The tyre can no longer be regarded as an isolated part of a car but is integrated into an increasingly complicated network or system. Progress in electronics especially has been revolutionary and has enormous influence on the work of tyre technicians. The engineers have to think in systems and integrate the tyre into all parts of the motive power of the car. Between the two corners tyre wheel system and the engine, is a wide field which the car makers and their suppliers are exploiting step by step. Immediately next to the tyres are modules such as brakes, shock absorbers and axles. Around the tyre is the chassis. The producers of certain of these elements in the past developed their own product without contacting the producers of neighbouring chassis parts. They were driven by their customers in the car industry, who gave information about the performance of the product with the target that all the parts should be compatible. As development progresses, this becomes harder and harder. In the future the suppliers will be forced to cooperate one with another, in order to make the best possible technology available for the car.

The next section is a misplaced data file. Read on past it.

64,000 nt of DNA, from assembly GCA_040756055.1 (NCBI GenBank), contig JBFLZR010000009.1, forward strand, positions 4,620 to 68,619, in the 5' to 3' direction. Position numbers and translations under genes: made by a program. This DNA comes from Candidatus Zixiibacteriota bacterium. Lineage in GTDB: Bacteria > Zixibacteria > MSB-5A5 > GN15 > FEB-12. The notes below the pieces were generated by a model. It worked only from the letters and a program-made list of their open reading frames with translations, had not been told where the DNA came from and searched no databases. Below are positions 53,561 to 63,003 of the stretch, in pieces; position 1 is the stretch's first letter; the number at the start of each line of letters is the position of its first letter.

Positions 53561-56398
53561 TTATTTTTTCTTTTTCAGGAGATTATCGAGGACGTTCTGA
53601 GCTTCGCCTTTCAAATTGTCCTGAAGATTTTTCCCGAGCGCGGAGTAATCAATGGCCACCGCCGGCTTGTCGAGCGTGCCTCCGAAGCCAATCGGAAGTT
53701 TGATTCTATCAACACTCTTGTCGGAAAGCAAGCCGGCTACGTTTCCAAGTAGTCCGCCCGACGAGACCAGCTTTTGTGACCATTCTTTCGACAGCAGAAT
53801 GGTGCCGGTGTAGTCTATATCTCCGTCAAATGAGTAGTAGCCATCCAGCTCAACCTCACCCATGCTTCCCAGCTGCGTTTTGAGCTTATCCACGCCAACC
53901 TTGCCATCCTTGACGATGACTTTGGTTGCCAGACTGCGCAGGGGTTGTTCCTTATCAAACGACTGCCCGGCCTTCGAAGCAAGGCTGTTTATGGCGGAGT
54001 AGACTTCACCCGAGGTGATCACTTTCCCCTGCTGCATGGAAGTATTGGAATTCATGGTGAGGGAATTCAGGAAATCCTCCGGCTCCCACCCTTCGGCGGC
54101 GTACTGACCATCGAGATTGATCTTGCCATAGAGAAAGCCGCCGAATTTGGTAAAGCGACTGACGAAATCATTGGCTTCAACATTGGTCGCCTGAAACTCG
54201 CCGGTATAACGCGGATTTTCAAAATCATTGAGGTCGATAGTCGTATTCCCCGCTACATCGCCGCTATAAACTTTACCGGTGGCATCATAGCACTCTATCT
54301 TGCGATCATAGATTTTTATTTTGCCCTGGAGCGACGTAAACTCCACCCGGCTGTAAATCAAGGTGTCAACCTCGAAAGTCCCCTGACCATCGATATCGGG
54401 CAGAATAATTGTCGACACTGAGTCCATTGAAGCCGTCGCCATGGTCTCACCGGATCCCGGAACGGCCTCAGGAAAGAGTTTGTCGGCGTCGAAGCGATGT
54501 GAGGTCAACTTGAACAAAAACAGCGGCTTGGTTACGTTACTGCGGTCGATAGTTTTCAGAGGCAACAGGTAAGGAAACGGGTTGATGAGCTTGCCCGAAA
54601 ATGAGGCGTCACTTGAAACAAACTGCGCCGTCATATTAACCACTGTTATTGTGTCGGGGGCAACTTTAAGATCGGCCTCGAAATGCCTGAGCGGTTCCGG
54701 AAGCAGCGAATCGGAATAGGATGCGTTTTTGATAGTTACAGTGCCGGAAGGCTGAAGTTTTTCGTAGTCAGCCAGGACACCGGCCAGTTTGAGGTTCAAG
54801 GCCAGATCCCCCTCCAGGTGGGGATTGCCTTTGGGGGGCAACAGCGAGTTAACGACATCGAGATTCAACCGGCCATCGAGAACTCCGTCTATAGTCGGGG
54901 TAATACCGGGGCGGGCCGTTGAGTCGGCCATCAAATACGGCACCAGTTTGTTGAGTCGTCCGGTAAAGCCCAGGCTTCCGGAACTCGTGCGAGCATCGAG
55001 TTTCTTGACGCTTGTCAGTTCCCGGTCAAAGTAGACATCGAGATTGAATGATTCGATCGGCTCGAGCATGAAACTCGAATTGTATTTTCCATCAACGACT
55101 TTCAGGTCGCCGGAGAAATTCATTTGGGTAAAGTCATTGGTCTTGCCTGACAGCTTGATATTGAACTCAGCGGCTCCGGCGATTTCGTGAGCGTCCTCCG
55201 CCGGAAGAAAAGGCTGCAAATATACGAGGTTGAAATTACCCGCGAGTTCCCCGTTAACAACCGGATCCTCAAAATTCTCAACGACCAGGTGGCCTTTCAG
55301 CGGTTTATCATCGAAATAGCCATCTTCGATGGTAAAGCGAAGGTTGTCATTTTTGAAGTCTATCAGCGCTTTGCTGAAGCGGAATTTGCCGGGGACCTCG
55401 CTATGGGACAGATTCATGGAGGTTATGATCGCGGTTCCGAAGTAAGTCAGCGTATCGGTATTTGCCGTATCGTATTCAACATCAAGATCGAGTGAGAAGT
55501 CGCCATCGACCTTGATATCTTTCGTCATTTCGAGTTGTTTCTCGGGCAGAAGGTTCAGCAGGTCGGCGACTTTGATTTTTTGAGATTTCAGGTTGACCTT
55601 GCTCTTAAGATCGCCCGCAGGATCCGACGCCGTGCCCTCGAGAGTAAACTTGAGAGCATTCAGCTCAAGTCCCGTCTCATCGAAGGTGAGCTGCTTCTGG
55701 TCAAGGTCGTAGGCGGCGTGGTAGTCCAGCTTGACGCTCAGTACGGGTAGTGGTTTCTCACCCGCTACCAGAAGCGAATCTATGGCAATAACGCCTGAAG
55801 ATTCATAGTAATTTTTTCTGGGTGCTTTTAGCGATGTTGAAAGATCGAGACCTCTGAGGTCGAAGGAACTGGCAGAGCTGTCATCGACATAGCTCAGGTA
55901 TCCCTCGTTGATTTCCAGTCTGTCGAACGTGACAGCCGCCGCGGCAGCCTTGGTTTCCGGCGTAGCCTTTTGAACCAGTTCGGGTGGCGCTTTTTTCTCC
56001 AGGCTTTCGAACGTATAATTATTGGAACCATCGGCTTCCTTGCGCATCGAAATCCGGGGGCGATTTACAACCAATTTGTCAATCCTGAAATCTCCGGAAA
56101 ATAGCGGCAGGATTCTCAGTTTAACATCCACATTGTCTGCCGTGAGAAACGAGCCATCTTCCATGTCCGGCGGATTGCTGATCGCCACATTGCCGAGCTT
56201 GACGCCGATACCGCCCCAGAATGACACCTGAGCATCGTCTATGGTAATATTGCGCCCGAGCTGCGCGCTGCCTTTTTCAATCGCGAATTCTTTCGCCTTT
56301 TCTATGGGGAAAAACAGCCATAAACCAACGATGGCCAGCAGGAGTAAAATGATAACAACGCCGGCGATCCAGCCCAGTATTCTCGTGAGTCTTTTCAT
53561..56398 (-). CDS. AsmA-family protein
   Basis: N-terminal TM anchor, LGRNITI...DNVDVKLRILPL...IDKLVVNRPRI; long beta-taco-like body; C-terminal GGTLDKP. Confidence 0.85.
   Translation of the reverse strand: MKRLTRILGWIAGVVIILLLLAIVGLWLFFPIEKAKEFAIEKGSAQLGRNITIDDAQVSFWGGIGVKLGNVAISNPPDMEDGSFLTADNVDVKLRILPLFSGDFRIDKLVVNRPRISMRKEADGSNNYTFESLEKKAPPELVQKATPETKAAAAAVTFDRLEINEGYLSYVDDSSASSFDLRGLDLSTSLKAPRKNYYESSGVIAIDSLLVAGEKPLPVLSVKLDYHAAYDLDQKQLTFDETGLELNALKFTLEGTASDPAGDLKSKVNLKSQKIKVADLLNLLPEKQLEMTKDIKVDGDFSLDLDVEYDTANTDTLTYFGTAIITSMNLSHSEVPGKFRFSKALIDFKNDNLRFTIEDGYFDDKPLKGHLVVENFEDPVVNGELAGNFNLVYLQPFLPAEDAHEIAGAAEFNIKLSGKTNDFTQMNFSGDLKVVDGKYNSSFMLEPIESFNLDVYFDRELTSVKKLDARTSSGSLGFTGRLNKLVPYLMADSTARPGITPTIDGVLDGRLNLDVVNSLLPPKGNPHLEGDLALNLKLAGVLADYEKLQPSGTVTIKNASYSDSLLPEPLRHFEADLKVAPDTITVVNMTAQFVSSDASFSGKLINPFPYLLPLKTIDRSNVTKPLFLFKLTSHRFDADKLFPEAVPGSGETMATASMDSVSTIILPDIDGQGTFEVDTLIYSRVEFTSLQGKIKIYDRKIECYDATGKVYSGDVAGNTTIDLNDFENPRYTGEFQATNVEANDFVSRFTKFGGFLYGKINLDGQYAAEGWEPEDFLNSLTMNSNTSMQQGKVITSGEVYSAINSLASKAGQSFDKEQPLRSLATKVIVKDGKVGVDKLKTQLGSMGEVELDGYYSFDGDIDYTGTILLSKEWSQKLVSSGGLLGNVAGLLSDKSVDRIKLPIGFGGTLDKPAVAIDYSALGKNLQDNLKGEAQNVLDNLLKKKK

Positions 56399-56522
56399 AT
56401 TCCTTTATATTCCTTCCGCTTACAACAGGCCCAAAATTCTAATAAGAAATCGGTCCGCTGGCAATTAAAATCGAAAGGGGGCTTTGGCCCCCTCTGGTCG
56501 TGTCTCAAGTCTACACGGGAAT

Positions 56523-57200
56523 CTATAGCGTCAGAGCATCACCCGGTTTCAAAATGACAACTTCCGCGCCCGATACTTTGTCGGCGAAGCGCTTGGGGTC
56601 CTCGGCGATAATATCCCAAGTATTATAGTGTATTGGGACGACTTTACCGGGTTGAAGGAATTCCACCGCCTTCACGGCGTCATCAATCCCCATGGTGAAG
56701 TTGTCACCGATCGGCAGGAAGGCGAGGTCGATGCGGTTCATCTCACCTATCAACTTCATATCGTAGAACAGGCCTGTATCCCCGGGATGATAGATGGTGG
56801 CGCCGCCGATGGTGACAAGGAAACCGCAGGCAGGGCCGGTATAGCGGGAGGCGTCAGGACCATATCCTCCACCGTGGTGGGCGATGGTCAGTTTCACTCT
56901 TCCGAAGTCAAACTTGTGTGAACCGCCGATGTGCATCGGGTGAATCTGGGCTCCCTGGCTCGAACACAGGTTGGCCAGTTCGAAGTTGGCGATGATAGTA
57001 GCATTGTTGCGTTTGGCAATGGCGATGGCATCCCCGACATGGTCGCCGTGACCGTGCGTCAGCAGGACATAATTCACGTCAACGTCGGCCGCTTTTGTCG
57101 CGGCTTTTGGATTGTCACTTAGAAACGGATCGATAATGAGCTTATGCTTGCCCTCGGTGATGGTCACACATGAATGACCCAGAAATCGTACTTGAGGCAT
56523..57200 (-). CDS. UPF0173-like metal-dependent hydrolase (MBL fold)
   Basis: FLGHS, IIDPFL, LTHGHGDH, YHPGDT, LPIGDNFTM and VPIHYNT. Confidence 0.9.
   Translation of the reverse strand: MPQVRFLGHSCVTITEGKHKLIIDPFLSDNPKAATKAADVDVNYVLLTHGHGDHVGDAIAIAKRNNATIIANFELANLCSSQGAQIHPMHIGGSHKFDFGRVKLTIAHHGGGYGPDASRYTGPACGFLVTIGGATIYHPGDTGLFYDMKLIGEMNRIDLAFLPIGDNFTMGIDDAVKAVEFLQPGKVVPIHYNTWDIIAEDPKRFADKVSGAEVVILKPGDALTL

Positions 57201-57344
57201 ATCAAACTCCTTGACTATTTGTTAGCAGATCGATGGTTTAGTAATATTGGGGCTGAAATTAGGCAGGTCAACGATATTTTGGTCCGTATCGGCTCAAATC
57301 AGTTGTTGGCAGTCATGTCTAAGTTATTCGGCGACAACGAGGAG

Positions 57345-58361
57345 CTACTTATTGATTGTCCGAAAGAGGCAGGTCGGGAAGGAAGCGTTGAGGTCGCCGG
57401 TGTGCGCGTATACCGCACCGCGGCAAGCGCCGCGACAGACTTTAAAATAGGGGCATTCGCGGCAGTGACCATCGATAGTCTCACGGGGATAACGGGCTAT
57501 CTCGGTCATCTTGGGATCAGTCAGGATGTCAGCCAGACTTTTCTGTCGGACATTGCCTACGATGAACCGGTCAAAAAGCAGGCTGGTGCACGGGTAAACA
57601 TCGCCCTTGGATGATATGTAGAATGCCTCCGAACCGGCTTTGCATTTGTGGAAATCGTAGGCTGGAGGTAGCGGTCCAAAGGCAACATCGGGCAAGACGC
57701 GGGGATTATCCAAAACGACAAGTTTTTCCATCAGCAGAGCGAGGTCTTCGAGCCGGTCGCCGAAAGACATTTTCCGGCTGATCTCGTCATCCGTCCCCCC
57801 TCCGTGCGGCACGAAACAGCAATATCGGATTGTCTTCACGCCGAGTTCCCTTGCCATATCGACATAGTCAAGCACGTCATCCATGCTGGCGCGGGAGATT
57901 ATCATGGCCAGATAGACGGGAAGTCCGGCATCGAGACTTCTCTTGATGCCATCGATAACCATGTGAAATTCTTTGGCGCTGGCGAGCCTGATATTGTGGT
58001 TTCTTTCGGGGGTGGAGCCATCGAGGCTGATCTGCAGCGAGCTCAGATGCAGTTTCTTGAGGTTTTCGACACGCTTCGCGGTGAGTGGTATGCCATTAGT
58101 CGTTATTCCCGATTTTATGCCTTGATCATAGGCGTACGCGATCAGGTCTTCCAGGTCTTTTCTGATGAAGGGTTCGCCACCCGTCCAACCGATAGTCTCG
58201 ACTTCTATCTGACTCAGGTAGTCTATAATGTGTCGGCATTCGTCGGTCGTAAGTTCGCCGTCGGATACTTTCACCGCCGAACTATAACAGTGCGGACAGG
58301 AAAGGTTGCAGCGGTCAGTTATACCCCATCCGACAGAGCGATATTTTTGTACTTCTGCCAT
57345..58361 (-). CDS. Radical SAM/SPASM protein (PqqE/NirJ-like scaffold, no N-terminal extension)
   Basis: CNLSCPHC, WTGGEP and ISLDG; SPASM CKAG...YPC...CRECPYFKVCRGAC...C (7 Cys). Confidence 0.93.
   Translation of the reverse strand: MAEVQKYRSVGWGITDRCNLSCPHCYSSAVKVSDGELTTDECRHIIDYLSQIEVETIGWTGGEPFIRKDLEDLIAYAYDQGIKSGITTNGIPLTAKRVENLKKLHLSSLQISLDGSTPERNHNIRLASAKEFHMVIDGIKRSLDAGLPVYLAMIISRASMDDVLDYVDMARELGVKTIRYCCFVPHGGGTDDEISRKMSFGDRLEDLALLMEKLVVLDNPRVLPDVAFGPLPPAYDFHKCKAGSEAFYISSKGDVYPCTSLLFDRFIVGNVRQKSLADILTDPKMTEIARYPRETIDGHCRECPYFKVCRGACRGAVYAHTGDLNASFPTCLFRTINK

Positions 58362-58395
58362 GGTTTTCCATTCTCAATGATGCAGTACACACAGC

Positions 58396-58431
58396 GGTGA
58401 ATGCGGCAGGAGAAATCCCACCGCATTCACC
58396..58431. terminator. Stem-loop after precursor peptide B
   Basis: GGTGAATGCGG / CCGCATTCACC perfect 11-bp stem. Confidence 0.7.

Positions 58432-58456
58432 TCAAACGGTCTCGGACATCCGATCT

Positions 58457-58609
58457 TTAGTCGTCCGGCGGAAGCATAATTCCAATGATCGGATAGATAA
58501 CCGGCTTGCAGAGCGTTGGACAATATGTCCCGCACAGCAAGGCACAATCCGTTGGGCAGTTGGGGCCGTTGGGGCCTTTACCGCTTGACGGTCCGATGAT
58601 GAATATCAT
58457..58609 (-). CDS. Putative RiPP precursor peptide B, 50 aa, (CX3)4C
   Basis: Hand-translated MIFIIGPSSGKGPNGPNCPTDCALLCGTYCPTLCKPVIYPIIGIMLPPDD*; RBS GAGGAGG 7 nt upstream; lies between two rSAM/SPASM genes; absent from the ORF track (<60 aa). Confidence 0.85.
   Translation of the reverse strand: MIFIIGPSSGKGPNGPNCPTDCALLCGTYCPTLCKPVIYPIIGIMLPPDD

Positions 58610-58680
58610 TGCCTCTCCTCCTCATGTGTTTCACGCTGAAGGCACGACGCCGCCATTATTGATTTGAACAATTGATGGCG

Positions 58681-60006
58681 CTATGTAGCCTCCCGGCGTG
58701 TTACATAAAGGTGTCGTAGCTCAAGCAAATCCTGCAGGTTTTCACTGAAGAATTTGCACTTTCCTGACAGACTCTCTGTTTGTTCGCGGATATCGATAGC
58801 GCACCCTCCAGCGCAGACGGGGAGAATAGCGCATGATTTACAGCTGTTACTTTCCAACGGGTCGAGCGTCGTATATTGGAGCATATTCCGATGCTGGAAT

Financial Markets Advise Care With Automotive Shares
There is unanimity amongst financial institutes that anyone with investments in automotive shares should be very careful of their investments. The coming quarter does not look too promising; BMW, Peugeot/Citroën, Porsche and Renault (particularly thanks to Nissans better than expected results), should hold their position, but there seems to be no end in sight to the decline at DaimlerChrysler.
With the exception of Peugeot, Porsche and Beru, other share prices from automobile and tyre companies have fallen to an all-year low. Companies in this category include DaimlerChrysler, Volkswagen, Kiekert, Delco Remy, Delphi, Phoenix and Johnson Controls, as well as Continental, Cooper, Yokohama, Toyo and Goodyear.
Bridgestone Links Up With French Antivibration Specialist
Bridgestone has announced the formation of a strategic alliance in antivibration automotive components with Paulstra, the automotive antivibration sector of Hutchinson, a subsidiary of TotalFina in France. The objective of the alliance is for both companies to jointly develop new antivibration products at both the companies manufacturing plants around the world.
Similar to other tyre manufacturers, on 1st January 2000 Bridgestone/Firestone officially announced price increases of 3% for passenger car tyres and 2% for commercial tyres. The effects of this increase are now visible in the German replacement market.